I see in years past there have been various Genki I (the textbook) threads. I don’t see one currently.
Is anyone currently enrolled in a course using this textbook? I work full-time and so can’t take a (daytime) class. But I’m working with a tutor individually, and we’re keeping up with a university course she’s teaching at the same time.
Anyway, it’d be nice to know if others are struggling with the same things I am (currently the dreaded Cpt 8/9/10 combo of plain form + all the fun things you can do with it).
Thanks @gfyh455ji6wegrtjyaja. It’s not so much a problem as it is just missing the camraderie of mutually complaining to someone who’s experiencing the same thing at the same time and helping each other out, etc. I should just find an online class.
@Noctis92 ありがとうございます 。
I did see that, but it appears it closed a couple of weeks ago. Also, asynchronous is really key for me and my crazy schedule. 大丈夫です、I’ll keep my eyes out for opportunities elsewhere.
That’s very kind of you! I can certainly give that a go, and actually your post-Genki perspective might be super-helpful.
My current struggle is with embedding these indirect clauses (と思います / と言っていました）in something else.
For example, in English I can say:
I think George said he is going to the store.
When I put that together with what I know, I get:
It’s kinda clear that I’m the one who’s thinking, not George. But I can see where this could get messy really fast – for example, if you throw で来る in there.
Is this just a case of “hold your horses, you’ll learn about that later”? I’m totally fine with that answer if that’s the case. Otherwise, is there some way to indicate the subject (not topic) nicely in these cases?
I think George would be ジョージ, but otherwise the sentence looks okay. Why would it get more complicated with で来る? Or did you mean 〜てくる and in what context?
A subject would still be indicated with が inside the clause and you can precede everything with 僕は／私は／etc. for further clarity, but in general restructure the sentence so it sounds less like it’s in English. You can express uncertainty with えっと at the beginning of the sentence:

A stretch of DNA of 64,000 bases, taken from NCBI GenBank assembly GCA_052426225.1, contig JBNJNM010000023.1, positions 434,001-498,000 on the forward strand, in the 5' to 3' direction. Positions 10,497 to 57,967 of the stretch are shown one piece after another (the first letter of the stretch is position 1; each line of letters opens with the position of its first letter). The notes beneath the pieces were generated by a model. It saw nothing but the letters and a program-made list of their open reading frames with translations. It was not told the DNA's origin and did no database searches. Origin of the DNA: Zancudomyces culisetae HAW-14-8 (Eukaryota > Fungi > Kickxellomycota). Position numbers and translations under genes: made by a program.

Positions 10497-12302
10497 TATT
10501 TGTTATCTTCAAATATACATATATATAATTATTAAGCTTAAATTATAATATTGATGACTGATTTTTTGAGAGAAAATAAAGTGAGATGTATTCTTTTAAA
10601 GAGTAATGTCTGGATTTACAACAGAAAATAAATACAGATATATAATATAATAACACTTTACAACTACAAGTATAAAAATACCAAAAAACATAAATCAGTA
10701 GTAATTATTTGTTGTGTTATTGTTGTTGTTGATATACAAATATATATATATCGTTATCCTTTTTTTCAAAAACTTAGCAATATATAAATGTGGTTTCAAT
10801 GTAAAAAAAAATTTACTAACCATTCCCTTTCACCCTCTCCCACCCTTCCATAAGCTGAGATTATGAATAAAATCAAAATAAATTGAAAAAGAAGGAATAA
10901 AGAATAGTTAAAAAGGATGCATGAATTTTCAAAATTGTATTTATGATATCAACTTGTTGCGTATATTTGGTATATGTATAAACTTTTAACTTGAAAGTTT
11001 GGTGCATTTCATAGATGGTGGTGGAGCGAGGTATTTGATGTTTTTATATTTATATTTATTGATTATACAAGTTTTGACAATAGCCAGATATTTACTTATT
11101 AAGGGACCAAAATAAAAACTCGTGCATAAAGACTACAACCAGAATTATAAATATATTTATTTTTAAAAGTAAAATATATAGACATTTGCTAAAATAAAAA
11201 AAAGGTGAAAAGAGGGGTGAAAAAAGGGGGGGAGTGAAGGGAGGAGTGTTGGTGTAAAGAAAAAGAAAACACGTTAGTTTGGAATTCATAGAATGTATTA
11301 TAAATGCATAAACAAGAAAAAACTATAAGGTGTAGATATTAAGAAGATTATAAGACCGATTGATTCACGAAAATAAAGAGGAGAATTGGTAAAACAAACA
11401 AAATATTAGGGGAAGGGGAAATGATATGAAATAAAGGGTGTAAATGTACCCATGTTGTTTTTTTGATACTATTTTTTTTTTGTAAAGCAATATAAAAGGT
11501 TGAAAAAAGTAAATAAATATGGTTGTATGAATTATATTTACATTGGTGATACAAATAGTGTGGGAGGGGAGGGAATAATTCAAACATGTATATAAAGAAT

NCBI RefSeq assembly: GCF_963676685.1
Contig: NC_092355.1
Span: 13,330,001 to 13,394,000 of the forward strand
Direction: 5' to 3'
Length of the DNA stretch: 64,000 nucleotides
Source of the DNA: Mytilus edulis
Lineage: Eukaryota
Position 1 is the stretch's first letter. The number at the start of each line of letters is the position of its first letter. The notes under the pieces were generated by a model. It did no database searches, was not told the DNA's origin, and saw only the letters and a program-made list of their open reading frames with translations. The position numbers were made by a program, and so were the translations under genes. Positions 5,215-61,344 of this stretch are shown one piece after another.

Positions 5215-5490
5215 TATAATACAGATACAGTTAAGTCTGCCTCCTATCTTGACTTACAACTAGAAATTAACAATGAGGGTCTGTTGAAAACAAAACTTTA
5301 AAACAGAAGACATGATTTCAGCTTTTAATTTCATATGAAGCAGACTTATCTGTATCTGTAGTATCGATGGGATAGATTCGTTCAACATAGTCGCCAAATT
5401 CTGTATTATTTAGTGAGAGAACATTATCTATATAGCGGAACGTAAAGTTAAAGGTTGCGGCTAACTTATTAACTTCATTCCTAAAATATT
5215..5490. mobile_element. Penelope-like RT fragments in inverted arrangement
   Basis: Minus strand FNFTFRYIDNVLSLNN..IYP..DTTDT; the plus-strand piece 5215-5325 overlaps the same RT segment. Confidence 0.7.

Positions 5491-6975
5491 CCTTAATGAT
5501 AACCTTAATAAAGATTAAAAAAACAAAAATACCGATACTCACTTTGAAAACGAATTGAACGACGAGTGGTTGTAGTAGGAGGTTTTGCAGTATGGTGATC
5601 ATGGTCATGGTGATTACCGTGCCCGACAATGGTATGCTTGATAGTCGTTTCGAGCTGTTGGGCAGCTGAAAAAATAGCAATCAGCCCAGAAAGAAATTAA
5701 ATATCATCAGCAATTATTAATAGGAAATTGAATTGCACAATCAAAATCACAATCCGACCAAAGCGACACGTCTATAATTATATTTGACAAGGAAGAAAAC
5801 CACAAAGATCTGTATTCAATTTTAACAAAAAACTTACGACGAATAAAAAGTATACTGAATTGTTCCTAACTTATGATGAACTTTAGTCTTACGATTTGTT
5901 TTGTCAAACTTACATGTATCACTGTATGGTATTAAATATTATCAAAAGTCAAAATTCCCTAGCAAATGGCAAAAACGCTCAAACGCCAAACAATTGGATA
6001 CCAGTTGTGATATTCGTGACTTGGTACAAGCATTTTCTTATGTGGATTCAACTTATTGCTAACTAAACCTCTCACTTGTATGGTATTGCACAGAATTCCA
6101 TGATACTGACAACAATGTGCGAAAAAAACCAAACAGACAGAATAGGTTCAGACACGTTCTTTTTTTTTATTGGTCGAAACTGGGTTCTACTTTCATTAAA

I was thinking 出来る (didn’t use the right kanji ) would be a problem in something like “Jill realised that George could think about cats” due to needing ことが with 出来る. But I just realised that 思うこと wouldn’t require its own subject. I think I’m probably going at this from a too-English perspective.
Anyway… thank you very much. Writing it out is helping lessen my confusion.
I think the further into Genki you get, the easier it will be to express certain ideas in Japanese using the Japanese you already know . I think the sentence structure with Jill sounds very much like English so one would have to consider what is the message the sentence is going to convey? Is it about George’s ability (potential form) to think about cats? Or maybe the fact that George was likely thinking about cats?
One could do it like this: ジルはジョージが猫のことを考えるかもしれないことに気がついた。 Jill realized that George might be thinking about cats.
or like this: ジルはジョージが猫のことばかり考えることに気がついた。 Jill realized that Georg is thinking only about cats.
Saying that “George could (has the ability to) think about cats” might sound slightly weird, I think.
Poor Jill, who must think George is obsessed at this point.
Thanks very much for the encouraging thought about getting farther into Genki. Your answer and (super-helpful) example sentences make me wonder: has learning Japanese changed the way you think about language? I suspect that’s my core problem – Swedish wasn’t anywhere near this level of struggle!